If you drive to Portland's downtown, Hawthorne, or Northwest 23rd during this holiday season, you're likely to hit a lot of traffic and spend at least a few minutes searching for a parking place. It doesn't have to be this way.
At the same time, Portland's Bureau of Transportation (PBOT) is struggling to make ends meet, stuck between long-term investments, ongoing maintenance demands, and a responsibility to build complete, safe networks that serve all Portlanders. As BikePortland reports, PBOT has set up a budget priority process, aimed at meeting the sometimes-competing goals of safety, maintenance, health, and business. As part of that work, PBOT director Tom Miller wants to consolidate the city’s parking functions.
PBOT manages about a third of all land in the city. Portland Afoot notes its portfolio includes managing nearly 4,000 lane-miles of paved streets, as well as a host of bridges, sidewalks, and other land.
We need to manage this land smartly, and one key step is charging the right price for parking.
What is that magical price? One compelling theory is the right price means most spaces are used, but there is a space available when you want it – more or less, supply and demand curves meet. UCLA professor and parking guru Donald Shoup argues for a price that ends up with about 85% of spaces full, meaning one or two open spots on each block.
Right-pricing parking cuts the need to drive around downtown (or Northwest, etc.) searching for an elusive parking spot. In some urban areas, the circling, waiting for parking spaces, and double-parking comprises 30% of all traffic, adding substantially to pollution and frustration. I haven’t found numbers for Portland, but when I drive downtown during peak times I usually drive a couple extra minutes to find parking.
San Francisco’s parking department explains the benefits of better pricing:
Convenient parking. Drivers can find and pay for parking more easily.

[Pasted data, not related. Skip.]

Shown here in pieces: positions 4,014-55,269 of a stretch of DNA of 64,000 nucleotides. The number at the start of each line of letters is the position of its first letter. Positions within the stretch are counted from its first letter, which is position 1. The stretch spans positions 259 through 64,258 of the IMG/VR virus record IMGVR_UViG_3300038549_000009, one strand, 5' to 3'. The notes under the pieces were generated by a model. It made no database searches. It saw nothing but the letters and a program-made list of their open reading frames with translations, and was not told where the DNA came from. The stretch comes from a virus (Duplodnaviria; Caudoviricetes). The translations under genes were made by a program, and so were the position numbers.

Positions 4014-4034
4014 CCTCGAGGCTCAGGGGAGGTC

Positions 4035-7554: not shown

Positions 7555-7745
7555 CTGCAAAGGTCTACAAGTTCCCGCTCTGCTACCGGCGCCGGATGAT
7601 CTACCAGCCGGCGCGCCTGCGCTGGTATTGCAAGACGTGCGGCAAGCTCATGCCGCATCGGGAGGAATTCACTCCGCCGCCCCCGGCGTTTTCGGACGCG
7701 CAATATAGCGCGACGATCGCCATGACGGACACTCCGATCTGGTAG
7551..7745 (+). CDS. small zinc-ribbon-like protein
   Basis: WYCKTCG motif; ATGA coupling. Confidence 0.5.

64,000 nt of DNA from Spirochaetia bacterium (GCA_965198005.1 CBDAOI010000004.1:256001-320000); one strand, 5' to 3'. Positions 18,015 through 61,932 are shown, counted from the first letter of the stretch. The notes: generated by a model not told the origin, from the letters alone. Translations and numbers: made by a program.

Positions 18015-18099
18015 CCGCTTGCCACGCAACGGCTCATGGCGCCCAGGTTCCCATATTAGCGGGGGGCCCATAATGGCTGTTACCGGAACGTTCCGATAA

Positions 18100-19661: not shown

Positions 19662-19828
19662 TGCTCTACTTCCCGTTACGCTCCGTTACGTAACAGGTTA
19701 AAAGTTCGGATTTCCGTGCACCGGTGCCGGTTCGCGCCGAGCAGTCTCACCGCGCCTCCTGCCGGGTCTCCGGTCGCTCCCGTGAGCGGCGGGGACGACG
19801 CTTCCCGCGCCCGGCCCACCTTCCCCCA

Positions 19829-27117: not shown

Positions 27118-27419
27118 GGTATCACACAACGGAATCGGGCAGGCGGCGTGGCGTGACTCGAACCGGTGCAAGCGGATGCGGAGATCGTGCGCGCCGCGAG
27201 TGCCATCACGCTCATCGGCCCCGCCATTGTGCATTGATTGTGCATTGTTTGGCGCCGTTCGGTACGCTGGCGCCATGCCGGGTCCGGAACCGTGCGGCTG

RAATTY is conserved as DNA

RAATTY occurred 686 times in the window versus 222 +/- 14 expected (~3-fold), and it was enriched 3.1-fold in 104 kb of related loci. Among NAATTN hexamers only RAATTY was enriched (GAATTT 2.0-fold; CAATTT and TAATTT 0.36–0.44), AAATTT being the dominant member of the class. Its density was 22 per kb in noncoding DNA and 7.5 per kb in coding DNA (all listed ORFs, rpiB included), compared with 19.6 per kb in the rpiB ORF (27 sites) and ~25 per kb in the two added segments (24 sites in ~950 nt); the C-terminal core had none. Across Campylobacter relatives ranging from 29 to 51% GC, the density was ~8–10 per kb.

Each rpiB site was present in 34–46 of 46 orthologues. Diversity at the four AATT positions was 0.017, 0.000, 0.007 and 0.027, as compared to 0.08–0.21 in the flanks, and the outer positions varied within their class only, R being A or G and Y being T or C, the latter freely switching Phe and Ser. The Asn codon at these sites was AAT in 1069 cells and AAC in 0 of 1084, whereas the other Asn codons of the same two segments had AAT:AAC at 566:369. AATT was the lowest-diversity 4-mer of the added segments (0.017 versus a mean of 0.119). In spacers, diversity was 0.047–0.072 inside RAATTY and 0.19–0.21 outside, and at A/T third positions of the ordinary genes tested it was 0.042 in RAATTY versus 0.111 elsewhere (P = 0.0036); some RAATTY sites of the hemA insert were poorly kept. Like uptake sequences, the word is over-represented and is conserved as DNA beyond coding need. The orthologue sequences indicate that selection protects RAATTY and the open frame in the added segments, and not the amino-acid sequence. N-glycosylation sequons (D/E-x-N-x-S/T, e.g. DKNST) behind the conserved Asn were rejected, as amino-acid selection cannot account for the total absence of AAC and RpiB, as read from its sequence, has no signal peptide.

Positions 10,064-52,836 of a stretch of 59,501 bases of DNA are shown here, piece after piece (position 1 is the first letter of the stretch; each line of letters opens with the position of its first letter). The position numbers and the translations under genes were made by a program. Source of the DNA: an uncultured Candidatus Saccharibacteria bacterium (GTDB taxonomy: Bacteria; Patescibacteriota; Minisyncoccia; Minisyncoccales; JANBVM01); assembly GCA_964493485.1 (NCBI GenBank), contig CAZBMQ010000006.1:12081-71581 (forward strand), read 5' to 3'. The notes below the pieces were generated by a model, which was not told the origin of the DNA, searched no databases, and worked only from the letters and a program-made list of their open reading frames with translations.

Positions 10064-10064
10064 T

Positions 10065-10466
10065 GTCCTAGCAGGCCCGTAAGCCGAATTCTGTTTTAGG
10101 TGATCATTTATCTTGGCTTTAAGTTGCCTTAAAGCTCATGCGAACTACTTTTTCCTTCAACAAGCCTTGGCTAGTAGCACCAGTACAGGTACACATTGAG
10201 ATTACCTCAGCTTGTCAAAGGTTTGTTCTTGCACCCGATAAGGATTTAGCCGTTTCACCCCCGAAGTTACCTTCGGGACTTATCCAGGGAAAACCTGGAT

Improved economic vitality. Improving access to commercial areas will foster economic activity in downtown and neighborhood commercial districts.
Faster and more reliable [transit] service. [Buses and trains] can be faster and more reliable when double-parking and congestion are reduced.
Safer streets. Less circling means less traffic and fewer distracted drivers, leading to fewer car, bicycle and pedestrian collisions.
Better air quality and reduced greenhouse gas emissions. Less circling means less traffic, driving and pollution.
Right-pricing parking isn’t a new idea. Creating the right price for parking has been studied for years, and is something we advocated for when I ran the Bicycle Transportation Alliance in 2005-07. But the idea has gathered a fair amount of momentum over the past two years, including in San Francisco and Seattle.
San Francisco has opted for a high-tech version of right-pricing in eight pilot neighborhoods. They installed sensors at each parking space, providing a fabulous data set about parking availability and use (and parking violations). They also built a system to adjust pricing up or down each month, adjusting supply to demand. Finally, they added a system that tells people where parking is available, via computers or smart phones.